We’ve all seen it: An aggressive dog is barking at us from the other side of a fence. It’s been taught to protect the homestead, so it perceives passersby as a threat. It barks and growls and sometimes pushes against the fence, sniffing for signs of the enemy.
Dog fence aggression is no joke. It can lead to a lot of trouble, especially if your bold canine protector were to somehow escape its confines and attack someone who may have just been innocently walking past the property.
Another scenario: Two dogs are trying to get at each other from opposite sides of the fence. They’re also barking, causing a ruckus, trying to reach the other dog by pushing snouts through the fence slats or frantically digging at the ground beneath the fence.
Whether the dog is barking and trying to attack a person or a fellow dog, it goes without saying that a better barrier — i.e., a more effective dog fence — can help prevent things from really getting out of hand.
If you’re trying to find ways to curb dig fence aggression, then Pacific Fence & Wire can help. We’ve been in the fencing business for almost 100 years. When it comes to fencing boundaries, our knowledge, problem-solving and solution-finding skills, and expertise are, well, boundless!
Get in touch with us today with any questions.
Fences and Dog Aggression
Take a look at these photos. That’s a lot of dogs making a lot of noise and displaying aggressive and threatening behavior. The good news is that dog behavior can be modified. Even old dogs can learn new tricks, despite the old saying.
Training your dog requires skill, patience, and, often, a professional. Basic obedience training, especially with young pups, should be enough to curb problem behavior, such as unwanted or unnecessary territorial aggression with neighboring dogs. Running the fence along fence lines can be annoying if the dog barks excessively; it will also wreak havoc on your lawn as your dog plays hide and seek with whatever’s caught his attention on the other side.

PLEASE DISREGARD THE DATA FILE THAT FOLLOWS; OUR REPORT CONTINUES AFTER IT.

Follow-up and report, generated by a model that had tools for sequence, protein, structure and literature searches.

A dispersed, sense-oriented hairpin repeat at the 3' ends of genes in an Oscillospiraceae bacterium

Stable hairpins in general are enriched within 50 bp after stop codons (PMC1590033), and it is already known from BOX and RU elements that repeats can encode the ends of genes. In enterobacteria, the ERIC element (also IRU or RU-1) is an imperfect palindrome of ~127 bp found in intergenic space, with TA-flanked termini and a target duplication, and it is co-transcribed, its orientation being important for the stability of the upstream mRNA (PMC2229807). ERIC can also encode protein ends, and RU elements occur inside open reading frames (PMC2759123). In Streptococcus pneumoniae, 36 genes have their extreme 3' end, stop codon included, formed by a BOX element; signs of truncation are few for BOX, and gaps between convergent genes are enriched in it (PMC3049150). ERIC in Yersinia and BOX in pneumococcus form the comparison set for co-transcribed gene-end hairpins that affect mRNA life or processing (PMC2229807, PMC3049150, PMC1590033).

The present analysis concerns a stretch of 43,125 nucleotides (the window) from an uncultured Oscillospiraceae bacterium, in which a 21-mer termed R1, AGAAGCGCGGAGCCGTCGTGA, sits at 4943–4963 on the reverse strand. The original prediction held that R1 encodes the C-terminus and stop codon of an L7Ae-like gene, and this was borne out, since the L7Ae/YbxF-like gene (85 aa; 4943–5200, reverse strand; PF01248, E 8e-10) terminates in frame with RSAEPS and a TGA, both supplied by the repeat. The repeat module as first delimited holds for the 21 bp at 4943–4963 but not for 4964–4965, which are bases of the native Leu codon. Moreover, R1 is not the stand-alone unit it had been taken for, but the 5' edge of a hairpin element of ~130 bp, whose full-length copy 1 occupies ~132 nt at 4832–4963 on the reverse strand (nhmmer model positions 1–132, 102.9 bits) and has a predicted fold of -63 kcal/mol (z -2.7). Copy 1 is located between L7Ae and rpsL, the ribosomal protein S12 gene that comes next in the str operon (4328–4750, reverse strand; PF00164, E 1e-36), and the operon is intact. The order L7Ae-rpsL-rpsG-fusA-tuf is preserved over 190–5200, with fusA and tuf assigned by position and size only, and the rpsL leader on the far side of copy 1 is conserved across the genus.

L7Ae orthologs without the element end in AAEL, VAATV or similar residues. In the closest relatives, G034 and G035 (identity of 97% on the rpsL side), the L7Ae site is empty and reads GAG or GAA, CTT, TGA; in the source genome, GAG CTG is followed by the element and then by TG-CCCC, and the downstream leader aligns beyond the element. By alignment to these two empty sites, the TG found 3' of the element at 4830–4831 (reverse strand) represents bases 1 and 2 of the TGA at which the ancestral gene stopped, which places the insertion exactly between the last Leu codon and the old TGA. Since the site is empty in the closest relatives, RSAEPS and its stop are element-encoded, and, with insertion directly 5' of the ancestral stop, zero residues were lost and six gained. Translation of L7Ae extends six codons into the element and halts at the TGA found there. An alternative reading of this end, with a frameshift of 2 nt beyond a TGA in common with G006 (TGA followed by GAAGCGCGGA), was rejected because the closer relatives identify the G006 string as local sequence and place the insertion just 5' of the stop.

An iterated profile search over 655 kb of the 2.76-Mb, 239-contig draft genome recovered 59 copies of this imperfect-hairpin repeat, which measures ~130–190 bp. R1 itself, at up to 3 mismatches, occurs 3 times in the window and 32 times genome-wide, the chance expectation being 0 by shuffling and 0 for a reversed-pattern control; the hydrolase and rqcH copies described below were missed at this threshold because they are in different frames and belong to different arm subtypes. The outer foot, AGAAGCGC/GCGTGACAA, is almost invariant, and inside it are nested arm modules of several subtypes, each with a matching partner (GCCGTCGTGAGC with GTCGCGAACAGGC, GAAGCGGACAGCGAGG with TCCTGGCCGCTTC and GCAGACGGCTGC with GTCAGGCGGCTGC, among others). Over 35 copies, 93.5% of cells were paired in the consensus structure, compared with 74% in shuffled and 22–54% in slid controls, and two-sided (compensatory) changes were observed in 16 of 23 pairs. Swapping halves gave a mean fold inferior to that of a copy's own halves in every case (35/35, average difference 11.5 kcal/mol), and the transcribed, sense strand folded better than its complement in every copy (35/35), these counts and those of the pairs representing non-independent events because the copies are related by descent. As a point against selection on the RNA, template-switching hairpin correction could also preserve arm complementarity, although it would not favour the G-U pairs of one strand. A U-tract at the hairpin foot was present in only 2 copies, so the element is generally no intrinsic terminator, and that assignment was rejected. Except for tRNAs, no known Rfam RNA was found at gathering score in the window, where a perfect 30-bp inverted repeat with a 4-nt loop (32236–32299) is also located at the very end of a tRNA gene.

If you or someone you know has a dog that acts like this from the other side of the fence, then it may be time to reconsider your fencing. After all, a barking dog is more than just a nuisance. In most localities, it can get you fined; in other places, it can lead to a criminal offense.
In Oregon, for example, a dog “is a public nuisance if it disturbs any person by frequent or prolonged noises.”
Even otherwise well-behaved pooches can become more aggressive when they’re behind the protective safety of a fence. Check out this video; these dogs are snarling, barking savages — until the gate is opened. Then they’re all like — who me? That wasn’t me! I’m not even there!
All kidding aside though, this can become a big problem. So what’s the solution for dog fence aggression? A better fence, of course. (Or a better dog — but that’s not really up to us.)
A quick note of clarification: Not all barks are aggressive or territorial. As the ASPCA reminds us, “If your dog barks at people or dogs he sees through the fence, and his barking is accompanied by whining, tail wagging and other signs of friendliness, your dog is probably barking to say hello. He most likely barks the same way when family members come home.”
What we’re discussing here are barks that can lead to aggression or nuisance complaints. These dogs need better fencing stat!
Better Fences, Less Fence Fighting
If you’ve tried behavioral modifications — i.e., training — and that hasn’t stopped your pooch from bounding from the porch and darting for the fence, consider the following:
- Install a fence (or modify an existing one) that blocks the dog’s visual access to what’s on the other side (i.e., a visual barrier)
- Add an additional barrier between the current fence and the outside world (i.e., a buffer zone)
- Replace your chain link fence with a wooden or vinyl fence
- Keep your dog inside
We can help with the first three things on that list. Give Pacific Fence & Wire a call today, and we’ll work together to find a dog fence aggression solution that works for you and your canine pal.